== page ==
Boundaries in life are important and especially in garden design. We took our wild and woolly farmyard trying to create four distinct “ rooms”; a dining outdoorsy side garden, a football play area in the front of the house. The croft that contained, ducks, chickens and two sheep for a while reverted to a mini field. All these rooms were divided by thick stone walls and the one in the picture was built by my son when he was a farming student, enclosing what we called our potager; a mixture of vegetables and flowers shrubs and of course weeds.
First, we invested in a small greenhouse and then raised beds, trying to make order out of chaos but not always successfully as you can see from the before and after shots. Dales drystone walls create a strong structure against which we planted fruit bushes, herbaceous plants. Our garden has a will of its own, up popped grannies bonnets, foxgloves, ox-eye daisies, scented stocks and more weeds.
There was one tatty bush that I nearly chopped down thinking it was some rose sucker. To my amazement, it refused to be ignored, shooting up into this glorious white damask floribunda with a scent of attar of roses. It may be a one flush wonder but worth all the dead heading just to breathe in its aroma.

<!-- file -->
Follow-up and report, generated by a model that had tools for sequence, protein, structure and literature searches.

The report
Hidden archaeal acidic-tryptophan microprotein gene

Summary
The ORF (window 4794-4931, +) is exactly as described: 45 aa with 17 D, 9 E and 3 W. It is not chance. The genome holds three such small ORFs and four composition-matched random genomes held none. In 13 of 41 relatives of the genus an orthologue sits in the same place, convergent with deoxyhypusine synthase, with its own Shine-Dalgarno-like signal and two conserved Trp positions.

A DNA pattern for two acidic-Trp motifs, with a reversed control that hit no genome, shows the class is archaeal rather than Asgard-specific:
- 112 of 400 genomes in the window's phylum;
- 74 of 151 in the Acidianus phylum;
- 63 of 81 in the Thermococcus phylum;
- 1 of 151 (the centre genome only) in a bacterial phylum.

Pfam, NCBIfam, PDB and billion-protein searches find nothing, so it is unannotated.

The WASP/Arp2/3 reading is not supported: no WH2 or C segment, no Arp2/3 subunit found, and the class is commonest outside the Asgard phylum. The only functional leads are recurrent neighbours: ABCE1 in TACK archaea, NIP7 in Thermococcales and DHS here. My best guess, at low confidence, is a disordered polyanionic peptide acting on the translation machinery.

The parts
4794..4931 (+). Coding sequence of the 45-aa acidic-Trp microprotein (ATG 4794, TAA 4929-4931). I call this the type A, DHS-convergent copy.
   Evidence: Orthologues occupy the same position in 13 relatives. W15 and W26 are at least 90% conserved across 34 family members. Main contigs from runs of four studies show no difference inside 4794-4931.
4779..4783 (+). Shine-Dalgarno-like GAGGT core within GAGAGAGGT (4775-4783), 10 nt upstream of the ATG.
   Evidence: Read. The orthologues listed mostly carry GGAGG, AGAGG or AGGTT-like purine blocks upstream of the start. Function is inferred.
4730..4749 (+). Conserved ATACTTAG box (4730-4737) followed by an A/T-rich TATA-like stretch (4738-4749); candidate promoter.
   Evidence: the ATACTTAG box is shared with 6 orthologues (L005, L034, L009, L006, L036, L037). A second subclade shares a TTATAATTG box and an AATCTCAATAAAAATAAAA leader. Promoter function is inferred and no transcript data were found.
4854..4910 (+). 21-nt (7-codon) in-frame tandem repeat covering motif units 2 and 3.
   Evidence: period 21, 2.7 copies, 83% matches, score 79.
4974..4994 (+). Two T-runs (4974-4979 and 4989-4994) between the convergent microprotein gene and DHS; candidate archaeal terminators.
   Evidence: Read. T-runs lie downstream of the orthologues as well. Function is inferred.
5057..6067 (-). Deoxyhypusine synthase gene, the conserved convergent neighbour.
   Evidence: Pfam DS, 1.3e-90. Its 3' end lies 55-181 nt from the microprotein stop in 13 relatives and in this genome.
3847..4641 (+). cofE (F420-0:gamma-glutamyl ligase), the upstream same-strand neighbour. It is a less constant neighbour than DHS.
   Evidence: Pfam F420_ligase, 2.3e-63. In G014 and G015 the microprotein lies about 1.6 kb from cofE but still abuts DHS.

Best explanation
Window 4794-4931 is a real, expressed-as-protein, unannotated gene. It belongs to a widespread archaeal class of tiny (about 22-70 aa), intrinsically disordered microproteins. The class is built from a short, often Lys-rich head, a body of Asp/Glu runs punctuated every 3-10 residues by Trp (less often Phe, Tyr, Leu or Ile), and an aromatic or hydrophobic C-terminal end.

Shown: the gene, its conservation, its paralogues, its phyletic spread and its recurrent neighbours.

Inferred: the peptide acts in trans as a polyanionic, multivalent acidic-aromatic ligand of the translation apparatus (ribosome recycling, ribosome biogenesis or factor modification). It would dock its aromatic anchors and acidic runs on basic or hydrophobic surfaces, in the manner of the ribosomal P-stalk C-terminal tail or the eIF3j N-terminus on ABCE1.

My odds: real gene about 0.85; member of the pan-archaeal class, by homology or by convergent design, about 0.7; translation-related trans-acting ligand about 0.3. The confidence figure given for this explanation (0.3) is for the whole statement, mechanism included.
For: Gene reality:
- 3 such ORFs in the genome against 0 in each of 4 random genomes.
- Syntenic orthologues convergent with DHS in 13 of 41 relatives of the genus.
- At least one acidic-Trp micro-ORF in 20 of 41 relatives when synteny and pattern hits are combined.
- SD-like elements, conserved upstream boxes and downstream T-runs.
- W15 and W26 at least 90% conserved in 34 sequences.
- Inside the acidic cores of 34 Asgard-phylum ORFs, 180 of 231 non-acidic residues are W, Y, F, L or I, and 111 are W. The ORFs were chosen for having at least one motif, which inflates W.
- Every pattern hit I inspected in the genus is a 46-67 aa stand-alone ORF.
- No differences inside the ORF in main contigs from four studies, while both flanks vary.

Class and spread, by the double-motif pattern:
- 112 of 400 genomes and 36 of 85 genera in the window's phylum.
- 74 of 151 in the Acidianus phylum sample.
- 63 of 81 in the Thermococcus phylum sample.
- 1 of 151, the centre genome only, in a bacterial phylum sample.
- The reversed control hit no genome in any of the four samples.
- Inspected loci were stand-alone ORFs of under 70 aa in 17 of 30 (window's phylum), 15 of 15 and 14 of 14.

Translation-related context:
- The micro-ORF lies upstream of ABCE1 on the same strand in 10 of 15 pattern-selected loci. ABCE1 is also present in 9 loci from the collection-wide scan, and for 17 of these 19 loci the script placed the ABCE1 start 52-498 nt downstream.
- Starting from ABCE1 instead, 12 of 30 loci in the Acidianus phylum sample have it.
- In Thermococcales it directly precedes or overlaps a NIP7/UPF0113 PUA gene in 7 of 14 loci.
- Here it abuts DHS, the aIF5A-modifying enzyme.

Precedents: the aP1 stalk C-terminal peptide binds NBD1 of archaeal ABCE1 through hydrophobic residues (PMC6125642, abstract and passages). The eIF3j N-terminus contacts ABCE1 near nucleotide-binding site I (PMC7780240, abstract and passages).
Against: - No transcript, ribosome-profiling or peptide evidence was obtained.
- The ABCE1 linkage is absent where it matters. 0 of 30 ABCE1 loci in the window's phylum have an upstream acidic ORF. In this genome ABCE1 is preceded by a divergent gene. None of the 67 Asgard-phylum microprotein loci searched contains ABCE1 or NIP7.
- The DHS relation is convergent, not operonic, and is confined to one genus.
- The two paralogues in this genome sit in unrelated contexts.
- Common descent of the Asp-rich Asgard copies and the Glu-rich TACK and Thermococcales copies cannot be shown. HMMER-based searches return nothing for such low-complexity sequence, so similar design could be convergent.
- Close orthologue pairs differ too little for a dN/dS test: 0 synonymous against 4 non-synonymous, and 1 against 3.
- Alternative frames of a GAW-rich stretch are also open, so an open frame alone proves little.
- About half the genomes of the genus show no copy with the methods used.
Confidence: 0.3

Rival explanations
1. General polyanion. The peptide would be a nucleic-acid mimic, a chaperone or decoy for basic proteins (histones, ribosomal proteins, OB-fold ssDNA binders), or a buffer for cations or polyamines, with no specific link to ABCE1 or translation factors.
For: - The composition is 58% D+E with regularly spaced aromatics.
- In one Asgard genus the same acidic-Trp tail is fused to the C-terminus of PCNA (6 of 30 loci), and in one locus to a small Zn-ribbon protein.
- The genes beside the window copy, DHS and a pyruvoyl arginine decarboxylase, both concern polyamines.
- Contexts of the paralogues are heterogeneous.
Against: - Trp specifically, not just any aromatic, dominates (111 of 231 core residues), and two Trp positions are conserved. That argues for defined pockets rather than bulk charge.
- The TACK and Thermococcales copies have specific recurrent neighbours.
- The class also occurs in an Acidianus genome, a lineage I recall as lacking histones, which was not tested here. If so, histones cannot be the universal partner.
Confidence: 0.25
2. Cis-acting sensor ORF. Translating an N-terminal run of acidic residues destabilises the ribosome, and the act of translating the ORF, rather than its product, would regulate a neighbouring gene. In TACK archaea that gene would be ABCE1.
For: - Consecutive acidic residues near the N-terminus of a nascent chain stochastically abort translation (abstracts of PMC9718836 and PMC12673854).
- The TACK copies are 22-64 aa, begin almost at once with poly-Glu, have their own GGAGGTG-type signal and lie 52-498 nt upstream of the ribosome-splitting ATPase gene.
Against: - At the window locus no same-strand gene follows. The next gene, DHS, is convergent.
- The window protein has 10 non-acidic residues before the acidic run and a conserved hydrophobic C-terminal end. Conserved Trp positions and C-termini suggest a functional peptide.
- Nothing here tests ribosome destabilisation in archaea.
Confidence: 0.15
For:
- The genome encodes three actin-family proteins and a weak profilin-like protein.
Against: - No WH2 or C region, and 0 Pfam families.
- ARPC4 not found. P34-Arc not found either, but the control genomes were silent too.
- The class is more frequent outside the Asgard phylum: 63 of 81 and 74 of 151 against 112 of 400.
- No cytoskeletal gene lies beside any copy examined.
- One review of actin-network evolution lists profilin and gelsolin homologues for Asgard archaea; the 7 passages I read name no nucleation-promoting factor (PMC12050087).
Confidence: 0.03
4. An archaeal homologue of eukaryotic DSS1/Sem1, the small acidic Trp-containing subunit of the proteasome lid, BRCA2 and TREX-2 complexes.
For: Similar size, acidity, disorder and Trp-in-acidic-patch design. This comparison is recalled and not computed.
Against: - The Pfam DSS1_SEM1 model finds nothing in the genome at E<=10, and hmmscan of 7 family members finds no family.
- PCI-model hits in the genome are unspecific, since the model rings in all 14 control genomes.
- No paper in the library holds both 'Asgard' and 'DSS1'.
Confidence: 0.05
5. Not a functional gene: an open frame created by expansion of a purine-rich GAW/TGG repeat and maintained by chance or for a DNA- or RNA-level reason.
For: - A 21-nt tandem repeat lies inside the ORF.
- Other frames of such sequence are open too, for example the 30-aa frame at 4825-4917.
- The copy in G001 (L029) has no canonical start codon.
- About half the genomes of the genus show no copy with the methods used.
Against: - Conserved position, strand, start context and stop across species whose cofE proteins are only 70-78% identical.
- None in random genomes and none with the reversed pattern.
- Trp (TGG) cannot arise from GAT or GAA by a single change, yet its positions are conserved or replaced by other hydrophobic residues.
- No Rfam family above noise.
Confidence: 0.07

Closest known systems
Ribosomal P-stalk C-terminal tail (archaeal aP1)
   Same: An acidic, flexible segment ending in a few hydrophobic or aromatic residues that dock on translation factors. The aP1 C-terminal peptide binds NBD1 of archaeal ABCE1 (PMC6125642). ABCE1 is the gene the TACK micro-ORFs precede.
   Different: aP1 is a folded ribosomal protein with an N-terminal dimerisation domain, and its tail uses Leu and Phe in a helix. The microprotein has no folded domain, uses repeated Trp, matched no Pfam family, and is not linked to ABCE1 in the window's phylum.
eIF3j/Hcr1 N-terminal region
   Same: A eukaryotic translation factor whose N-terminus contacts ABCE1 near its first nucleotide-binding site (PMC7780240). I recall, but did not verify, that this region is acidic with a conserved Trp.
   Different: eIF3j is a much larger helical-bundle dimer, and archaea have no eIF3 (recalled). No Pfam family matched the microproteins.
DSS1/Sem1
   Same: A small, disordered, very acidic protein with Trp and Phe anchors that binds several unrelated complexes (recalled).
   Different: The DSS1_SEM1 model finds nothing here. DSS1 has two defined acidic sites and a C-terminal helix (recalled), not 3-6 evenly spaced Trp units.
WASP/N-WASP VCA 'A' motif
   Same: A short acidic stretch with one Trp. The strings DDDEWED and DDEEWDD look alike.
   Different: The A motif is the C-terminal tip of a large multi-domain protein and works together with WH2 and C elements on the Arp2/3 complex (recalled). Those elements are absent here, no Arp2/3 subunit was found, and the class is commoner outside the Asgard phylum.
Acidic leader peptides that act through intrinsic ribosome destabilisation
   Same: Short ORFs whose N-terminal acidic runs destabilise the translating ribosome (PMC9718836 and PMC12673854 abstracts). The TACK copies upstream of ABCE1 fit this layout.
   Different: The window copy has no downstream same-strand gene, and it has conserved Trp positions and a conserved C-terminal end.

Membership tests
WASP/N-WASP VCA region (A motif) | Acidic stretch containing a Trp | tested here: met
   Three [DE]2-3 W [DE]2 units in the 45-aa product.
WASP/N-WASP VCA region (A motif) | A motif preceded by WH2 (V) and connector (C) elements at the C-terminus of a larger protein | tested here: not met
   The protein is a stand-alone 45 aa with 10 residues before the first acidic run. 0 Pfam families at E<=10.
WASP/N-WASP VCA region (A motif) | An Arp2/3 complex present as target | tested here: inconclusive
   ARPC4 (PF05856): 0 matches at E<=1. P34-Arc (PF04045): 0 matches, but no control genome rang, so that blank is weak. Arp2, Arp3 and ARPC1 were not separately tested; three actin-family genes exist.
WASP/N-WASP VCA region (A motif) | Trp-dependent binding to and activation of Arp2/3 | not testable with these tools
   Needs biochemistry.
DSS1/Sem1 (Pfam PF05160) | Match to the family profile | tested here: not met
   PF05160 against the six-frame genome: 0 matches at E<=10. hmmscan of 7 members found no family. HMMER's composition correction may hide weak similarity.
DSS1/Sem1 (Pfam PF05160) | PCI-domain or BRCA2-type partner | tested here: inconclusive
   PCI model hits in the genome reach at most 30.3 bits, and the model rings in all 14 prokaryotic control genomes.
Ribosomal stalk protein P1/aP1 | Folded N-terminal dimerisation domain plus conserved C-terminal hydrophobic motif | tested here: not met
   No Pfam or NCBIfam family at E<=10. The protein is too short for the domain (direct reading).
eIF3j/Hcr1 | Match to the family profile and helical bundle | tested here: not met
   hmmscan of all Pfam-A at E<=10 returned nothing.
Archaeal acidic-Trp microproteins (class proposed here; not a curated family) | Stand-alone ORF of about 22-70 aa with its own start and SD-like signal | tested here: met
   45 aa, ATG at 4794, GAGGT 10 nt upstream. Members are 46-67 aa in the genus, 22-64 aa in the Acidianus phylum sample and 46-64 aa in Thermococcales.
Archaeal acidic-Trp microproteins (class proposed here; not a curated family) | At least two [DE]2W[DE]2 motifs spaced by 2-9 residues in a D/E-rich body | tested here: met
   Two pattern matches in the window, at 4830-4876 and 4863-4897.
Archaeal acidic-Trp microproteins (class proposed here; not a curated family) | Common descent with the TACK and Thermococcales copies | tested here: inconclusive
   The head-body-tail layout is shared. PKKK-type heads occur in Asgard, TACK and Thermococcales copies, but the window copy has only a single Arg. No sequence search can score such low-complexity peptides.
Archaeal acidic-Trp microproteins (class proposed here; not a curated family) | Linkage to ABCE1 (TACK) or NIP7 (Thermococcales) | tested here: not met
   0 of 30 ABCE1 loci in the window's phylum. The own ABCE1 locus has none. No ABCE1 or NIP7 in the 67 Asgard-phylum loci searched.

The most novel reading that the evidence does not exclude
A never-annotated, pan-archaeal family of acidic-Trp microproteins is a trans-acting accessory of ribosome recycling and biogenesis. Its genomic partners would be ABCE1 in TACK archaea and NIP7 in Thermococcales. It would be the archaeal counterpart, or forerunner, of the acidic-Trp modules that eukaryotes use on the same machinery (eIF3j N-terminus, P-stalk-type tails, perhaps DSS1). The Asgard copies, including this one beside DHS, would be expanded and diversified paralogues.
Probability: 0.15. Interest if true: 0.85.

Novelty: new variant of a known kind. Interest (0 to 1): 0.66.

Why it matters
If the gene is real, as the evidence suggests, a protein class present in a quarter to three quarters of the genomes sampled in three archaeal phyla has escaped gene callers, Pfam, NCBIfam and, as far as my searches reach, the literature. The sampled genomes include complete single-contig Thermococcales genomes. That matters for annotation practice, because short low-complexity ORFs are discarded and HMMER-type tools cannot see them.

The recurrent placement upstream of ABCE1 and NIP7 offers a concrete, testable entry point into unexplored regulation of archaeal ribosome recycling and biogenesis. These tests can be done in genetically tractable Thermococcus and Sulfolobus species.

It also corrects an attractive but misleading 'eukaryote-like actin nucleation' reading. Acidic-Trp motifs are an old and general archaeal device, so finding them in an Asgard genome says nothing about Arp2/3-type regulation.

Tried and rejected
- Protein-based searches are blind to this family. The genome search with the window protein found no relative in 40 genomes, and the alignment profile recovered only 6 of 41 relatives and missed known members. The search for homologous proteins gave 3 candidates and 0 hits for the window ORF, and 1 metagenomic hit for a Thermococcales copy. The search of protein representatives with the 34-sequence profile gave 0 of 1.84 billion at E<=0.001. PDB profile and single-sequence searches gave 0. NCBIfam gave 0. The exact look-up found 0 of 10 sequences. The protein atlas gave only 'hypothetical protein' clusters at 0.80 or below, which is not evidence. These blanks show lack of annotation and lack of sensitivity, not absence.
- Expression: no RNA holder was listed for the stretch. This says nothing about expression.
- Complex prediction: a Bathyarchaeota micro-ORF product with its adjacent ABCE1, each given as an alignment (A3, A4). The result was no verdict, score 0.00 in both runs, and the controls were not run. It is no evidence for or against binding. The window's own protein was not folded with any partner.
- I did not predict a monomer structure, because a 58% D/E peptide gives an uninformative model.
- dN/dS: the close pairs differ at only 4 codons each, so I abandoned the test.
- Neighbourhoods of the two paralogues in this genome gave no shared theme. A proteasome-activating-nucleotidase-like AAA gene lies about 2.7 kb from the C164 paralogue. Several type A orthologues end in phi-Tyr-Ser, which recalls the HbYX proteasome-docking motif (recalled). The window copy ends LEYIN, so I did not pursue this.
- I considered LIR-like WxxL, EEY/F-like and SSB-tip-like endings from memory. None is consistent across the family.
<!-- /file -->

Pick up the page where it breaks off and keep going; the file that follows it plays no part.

It was in the summer of 1987 when the Chernobyl rain fell green from the sky onto the Lakes and Dales that my husband lost his wedding ring somewhere in the soil while gardening. We have yet to find it…In return we fetched up old iron farming tools, a rusty scythe, part of an old wagon, a Georgian penny or two and found the Victorian bottle dump with clay pipes and coloured glass medicine bottles and a watch, not exactly the Staffordshire Hoard but bits of past residents’ lives, all part of the history of this old place. It was years that it gave me the idea for the novel : IN THE HEART OF THE GARDEN reissued this month.